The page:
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Most people don’t like to devote too much thought to the end of their life – they’d rather focus on the years they have yet to live. But you don’t know how long that might be, and you want to make sure that your loved ones aren’t saddled with your debt and the cost of funeral expenses in the event of your untimely demise. In this case, life insurance could provide the solution you’re seeking. Unfortunately, a lot can also go wrong before you shuffle off this mortal coil. And due to accident, illness, or injury, you could wind up needing long-term care for an incurable and/or degenerative condition. Since most people don’t have the cash on hand to cover such expenses, you may find yourself leaning on your family for help. In this case, long-term care insurance is preferable. So how do you decide where to allocate your funds? Here are a few things to consider.

In truth, you should probably carry life insurance regardless of your decision where long-term care insurance is concerned. Only two things in life are certain: death and taxes. It may be morbid, but there’s no escaping the fact that you will one day die. And you don’t know when that day is coming, so you need to be prepared. At the very least, you should have a policy that will cover the costs of burial or cremation so that others need not come up with the thousands of dollars required to lay your remains to rest. But if you have a spouse and/or children, you want to make sure they are taken care of in your absence.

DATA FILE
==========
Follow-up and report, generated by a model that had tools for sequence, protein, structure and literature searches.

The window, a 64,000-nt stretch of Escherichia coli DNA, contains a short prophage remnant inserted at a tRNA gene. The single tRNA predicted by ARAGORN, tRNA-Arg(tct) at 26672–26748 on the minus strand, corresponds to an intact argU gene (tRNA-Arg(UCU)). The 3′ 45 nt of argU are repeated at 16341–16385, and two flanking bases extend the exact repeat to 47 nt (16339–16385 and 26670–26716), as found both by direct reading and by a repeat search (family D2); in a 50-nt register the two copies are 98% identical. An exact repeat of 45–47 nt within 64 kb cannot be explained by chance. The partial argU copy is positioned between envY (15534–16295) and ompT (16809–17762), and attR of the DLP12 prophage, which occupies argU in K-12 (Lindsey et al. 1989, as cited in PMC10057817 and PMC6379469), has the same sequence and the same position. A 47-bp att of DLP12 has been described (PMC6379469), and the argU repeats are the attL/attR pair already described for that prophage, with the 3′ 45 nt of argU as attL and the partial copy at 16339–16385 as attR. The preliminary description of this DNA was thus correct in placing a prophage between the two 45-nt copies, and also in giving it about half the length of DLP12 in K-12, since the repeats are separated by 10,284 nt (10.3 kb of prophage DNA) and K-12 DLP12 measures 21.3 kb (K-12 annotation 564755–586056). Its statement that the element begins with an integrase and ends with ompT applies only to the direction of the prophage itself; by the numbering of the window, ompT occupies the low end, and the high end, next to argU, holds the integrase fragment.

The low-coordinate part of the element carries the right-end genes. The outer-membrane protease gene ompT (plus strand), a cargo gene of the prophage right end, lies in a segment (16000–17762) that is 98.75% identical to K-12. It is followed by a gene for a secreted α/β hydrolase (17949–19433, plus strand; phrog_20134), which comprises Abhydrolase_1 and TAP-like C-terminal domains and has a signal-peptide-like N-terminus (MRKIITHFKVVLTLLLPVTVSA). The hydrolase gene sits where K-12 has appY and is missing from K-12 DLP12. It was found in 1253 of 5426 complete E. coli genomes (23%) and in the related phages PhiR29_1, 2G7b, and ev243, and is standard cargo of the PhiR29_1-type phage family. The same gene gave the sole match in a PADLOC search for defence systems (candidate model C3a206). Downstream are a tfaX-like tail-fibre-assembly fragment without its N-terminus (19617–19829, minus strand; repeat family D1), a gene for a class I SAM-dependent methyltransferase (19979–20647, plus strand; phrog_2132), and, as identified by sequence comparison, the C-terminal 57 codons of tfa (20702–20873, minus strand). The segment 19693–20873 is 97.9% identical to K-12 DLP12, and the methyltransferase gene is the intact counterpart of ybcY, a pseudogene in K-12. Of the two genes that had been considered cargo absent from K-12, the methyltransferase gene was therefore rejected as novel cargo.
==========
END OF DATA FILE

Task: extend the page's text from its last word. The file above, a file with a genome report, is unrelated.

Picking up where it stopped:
If you have debt like a mortgage, your policy could help to pay off a family home. Or you might want to ensure that your kids have the funds to one day go to college. And keep in mind that your family will lose the income you provide, so you should probably plan to cover this loss, as well, at least for several months to give them time to mourn your passing without having to worry about how they’ll pay the bills without your income.

The next question is whether or not you need long-term care insurance, as well. And the main thing to consider here is the probability that you will suffer some sort of condition that requires this specialized (and costly) form of ongoing care. The best way to determine this is to look at your family history. If you have a medical history of hereditary disorders that require long-term care, such as Alzheimer’s or Huntington’s Disease, just for example, then it might be well worth the cost of this added insurance policy to ensure that should such a condition manifest, you’ll have the care you need without incurring additional expense.

Of course, you may simply be worried about the potential need for long-term care. And having a long-term care policy will give you peace of mind, just like any type of insurance coverage. That alone may be worth the cost, although you’ll certainly get your money’s worth if you do end up needing long-term care. Regardless of the type of policy you’re seeking, you can use a website like InsureChance to get quotes so that you can start the process of comparison shopping for the insurance policies you’re seeking.

 

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